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FWP Reminds Residents To Keep Backyards Bear Resistant

Fish & Wildlife

Fri Jun 29 11:46:00 MDT 2012

As spring turns to summer, bear activity is picking up in many western Montana neighborhoods, and Montana Fish, Wildlife and Parks is asking residents to keep bear attractants contained.

Bears are often drawn to populated areas by unsecured garbage cans, the smell of pet food, bird feeders and dirty barbecue grills.

“When bears find these easy neighborhood food sources, they can have a hard time returning to natural food,” says FWP Bear Management Specialist, Jamie Jonkel. “The best solution is to keep a bear from getting that first taste of backyard goodies. Garbage-conditioned bears will often travel miles to get back to a garbage can.”

Jonkel says that little steps can go a long way in preventing a neighborhood bear problem. He recommends keeping pet food inside except at feeding time, cleaning dirty barbeque grills, taking down bird feeders, making sure your compost pile is not laden with food scraps and keeping garbage in bear-resistant garbage cans or in a secure building until trash collection.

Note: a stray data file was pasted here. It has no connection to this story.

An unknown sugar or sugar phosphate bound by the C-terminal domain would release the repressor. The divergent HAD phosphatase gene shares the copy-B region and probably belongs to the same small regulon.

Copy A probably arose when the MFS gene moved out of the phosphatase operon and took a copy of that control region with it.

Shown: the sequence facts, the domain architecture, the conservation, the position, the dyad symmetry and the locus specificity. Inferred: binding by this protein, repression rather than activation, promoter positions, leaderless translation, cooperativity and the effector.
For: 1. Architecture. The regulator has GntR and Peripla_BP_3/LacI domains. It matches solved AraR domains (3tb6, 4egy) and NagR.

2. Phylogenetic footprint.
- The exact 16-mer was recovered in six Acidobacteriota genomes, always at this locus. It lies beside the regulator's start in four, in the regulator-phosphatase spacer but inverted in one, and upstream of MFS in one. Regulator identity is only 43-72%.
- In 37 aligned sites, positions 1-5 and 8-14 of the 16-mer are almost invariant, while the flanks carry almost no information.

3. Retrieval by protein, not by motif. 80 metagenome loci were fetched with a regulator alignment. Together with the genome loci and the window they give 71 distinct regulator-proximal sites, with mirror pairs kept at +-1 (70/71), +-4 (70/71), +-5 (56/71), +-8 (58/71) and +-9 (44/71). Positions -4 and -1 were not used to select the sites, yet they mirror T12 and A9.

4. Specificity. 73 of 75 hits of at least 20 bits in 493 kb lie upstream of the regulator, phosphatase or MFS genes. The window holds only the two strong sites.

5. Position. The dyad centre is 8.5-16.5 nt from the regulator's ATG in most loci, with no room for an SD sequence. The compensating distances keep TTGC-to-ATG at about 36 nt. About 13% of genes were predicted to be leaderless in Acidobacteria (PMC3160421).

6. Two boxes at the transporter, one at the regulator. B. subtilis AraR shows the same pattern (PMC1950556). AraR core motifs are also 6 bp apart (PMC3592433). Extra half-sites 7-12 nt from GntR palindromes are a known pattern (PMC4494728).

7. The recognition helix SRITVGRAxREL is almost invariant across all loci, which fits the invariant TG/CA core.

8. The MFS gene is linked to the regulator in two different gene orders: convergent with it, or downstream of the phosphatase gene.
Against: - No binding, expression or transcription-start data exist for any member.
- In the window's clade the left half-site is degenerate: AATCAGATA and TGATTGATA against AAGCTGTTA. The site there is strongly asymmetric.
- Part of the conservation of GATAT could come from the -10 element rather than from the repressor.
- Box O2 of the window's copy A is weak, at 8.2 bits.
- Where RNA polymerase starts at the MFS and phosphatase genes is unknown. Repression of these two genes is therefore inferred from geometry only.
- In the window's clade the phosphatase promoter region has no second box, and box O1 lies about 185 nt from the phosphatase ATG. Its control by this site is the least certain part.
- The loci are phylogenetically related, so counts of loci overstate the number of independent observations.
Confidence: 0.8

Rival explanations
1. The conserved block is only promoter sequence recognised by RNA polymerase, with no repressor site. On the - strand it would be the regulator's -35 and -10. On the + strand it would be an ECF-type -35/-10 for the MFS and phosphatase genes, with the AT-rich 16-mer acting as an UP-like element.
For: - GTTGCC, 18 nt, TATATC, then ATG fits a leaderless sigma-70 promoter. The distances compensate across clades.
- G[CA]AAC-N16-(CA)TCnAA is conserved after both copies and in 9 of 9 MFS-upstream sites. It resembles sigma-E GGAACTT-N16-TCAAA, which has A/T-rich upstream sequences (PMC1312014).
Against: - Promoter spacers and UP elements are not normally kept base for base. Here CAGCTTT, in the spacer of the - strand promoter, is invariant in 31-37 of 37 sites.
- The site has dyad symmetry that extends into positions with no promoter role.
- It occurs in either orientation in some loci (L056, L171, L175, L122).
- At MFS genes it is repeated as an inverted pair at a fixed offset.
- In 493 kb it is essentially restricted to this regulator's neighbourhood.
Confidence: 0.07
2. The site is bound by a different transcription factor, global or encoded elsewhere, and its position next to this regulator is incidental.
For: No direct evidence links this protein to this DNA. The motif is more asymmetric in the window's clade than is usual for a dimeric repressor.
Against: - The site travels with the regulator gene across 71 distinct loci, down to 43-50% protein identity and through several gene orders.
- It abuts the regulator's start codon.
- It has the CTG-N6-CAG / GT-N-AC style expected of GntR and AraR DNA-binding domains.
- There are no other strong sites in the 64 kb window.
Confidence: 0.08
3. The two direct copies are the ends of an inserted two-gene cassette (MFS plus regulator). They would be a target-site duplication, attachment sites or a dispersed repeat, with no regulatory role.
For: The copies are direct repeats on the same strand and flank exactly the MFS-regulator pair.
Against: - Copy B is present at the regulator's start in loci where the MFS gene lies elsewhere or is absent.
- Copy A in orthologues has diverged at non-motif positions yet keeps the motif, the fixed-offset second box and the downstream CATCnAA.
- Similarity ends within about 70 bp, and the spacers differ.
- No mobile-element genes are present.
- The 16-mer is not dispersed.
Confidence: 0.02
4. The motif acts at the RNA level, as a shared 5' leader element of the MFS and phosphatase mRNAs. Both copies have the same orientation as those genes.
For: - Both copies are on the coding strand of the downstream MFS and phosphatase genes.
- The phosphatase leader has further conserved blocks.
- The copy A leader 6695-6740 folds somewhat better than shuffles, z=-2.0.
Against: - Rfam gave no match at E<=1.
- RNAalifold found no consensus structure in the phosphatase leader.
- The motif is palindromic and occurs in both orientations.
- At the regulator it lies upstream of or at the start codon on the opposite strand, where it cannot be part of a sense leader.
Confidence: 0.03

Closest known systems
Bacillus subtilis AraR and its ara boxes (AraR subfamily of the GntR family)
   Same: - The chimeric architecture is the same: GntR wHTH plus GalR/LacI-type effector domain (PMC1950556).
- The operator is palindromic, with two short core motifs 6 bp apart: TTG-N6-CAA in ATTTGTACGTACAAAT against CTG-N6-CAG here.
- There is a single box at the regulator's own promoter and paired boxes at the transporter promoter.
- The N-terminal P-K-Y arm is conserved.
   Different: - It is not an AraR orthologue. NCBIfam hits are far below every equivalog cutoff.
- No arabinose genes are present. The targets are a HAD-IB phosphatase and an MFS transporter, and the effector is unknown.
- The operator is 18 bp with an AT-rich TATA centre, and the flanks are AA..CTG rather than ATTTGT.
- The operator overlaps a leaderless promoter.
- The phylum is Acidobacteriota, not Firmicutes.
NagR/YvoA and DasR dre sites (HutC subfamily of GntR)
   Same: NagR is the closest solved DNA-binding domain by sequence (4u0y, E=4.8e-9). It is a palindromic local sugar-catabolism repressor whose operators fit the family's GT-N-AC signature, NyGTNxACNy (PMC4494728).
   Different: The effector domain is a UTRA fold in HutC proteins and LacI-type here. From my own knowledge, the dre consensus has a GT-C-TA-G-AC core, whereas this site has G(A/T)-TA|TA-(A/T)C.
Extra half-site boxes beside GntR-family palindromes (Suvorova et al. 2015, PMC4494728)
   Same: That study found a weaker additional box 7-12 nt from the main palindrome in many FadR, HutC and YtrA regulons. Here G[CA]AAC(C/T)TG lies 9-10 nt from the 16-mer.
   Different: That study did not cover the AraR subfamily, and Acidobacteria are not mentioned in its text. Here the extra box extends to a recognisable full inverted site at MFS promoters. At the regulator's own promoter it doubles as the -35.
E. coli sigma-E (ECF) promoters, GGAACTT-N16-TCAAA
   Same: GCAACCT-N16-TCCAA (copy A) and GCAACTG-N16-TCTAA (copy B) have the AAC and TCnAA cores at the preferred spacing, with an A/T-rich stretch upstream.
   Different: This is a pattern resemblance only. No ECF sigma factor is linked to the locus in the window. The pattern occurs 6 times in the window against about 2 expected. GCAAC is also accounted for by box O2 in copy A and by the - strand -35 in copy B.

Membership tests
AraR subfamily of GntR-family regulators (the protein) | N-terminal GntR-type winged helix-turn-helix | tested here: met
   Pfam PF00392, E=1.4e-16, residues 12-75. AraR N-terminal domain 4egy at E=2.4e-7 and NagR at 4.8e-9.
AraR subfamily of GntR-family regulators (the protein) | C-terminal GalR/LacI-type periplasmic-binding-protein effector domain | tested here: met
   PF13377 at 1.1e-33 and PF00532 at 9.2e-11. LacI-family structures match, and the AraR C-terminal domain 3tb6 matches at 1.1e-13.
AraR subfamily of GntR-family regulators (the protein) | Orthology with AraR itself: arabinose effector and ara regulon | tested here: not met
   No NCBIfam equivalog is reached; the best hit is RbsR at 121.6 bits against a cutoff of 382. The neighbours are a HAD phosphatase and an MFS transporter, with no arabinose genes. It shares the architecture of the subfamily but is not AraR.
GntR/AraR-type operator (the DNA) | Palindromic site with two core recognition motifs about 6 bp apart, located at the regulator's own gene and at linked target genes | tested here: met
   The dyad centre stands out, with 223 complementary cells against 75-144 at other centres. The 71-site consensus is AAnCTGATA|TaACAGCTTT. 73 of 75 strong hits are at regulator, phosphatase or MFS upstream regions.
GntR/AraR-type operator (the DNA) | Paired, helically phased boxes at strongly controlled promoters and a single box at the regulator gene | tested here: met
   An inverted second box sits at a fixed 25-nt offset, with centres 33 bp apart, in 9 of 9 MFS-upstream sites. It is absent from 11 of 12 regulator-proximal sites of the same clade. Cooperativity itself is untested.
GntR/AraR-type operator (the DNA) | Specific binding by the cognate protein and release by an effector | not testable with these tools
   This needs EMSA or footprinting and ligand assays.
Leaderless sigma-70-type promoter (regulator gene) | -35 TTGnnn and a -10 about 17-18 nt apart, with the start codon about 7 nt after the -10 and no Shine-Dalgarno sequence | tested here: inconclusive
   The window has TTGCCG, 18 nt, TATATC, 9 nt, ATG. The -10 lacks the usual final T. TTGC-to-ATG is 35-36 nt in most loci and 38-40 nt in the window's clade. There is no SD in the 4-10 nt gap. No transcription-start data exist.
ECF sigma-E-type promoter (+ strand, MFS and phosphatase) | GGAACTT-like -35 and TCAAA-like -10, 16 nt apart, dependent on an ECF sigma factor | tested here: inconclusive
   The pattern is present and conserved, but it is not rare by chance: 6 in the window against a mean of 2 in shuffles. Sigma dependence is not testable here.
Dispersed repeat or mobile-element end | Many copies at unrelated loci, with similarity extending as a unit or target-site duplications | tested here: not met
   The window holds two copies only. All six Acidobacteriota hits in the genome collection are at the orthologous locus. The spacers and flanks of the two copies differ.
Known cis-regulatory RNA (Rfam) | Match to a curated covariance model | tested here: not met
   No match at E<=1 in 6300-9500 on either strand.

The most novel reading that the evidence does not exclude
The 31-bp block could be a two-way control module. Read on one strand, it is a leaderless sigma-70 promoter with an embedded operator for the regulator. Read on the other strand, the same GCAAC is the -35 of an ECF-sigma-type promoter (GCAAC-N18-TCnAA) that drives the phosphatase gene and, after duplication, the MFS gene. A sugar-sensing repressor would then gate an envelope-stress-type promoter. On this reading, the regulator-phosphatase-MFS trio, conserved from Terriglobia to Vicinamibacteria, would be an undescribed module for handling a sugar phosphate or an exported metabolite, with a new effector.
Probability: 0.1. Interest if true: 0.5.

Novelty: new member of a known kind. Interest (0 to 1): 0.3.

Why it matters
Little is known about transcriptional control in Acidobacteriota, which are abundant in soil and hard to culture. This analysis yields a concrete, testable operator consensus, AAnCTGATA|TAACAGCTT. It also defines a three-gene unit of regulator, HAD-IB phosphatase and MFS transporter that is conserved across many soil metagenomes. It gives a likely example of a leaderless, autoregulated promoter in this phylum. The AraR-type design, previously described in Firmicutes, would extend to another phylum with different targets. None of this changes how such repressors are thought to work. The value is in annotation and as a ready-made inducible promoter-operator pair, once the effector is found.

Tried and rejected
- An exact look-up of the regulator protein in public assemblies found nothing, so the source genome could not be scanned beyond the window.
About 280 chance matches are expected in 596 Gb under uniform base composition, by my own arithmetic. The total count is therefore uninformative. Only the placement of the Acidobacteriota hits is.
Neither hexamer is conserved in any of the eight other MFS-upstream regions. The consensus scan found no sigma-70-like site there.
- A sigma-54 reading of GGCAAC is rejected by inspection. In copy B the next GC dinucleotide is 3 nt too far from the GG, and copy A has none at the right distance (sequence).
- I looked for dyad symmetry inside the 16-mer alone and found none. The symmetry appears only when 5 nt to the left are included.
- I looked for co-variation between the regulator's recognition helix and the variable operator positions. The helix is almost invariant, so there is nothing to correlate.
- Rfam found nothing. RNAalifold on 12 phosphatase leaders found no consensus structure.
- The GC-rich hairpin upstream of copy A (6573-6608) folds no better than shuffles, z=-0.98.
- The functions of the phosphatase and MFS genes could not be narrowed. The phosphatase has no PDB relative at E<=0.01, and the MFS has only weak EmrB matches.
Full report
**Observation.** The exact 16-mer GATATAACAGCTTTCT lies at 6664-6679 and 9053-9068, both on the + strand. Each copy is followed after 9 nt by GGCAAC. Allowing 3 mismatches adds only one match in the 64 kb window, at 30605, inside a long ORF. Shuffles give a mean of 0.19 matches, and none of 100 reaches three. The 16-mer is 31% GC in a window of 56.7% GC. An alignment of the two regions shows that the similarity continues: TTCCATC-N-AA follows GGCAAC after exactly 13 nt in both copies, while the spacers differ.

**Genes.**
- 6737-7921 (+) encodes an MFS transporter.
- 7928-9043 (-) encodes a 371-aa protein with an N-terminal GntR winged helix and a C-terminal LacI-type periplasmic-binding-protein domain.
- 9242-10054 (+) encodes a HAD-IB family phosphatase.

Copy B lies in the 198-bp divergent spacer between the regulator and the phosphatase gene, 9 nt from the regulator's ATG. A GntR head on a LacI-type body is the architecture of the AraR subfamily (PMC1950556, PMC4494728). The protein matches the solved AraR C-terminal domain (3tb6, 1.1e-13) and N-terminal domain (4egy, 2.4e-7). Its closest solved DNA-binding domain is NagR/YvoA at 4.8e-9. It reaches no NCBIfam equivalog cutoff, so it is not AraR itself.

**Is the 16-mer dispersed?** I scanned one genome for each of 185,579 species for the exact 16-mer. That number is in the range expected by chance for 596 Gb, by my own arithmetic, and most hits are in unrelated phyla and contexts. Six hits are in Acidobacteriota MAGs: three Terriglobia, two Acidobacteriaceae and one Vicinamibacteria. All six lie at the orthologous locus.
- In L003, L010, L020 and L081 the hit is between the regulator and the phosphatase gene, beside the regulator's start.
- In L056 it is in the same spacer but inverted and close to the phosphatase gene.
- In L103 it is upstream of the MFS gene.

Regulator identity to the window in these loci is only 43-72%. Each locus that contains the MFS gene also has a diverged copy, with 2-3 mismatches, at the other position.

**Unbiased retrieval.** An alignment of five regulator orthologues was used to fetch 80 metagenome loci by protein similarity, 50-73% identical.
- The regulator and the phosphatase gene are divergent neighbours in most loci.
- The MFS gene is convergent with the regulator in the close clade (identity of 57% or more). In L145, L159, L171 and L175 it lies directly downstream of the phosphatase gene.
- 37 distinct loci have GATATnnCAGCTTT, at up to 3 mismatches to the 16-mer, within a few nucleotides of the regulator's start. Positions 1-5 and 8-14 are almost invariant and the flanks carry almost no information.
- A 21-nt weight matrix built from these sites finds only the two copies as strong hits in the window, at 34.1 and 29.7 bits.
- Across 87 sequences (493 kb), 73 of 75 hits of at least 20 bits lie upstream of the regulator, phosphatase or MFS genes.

Jonkel hopes that as time passes and more people learn how to bear proof their properties, fewer bears will encounter and become addicted to these backyard attractants.

“Overall we’ve seen conflicts decrease as more residents have learned what attracts bears and how to keep these things out of a bear’s reach,” said Jonkel.

Residents on the fringe or living in bear habitat should be recognized for the steps they are taking. Jonkel points to community bear aware groups that have formed around western Montana as a key way to increase local awareness about bear activity and to prevent conflict. He encourages more communities and watersheds to form such groups.

To learn more about bear proofing backyards and neighborhoods, and what systems, such as bear-resistant garbage cans or electric fence kits, may be needed to keep attractants off-limits, visit or call the nearest regional FWP office. Or, go to the FWP website's Be Bear Aware page at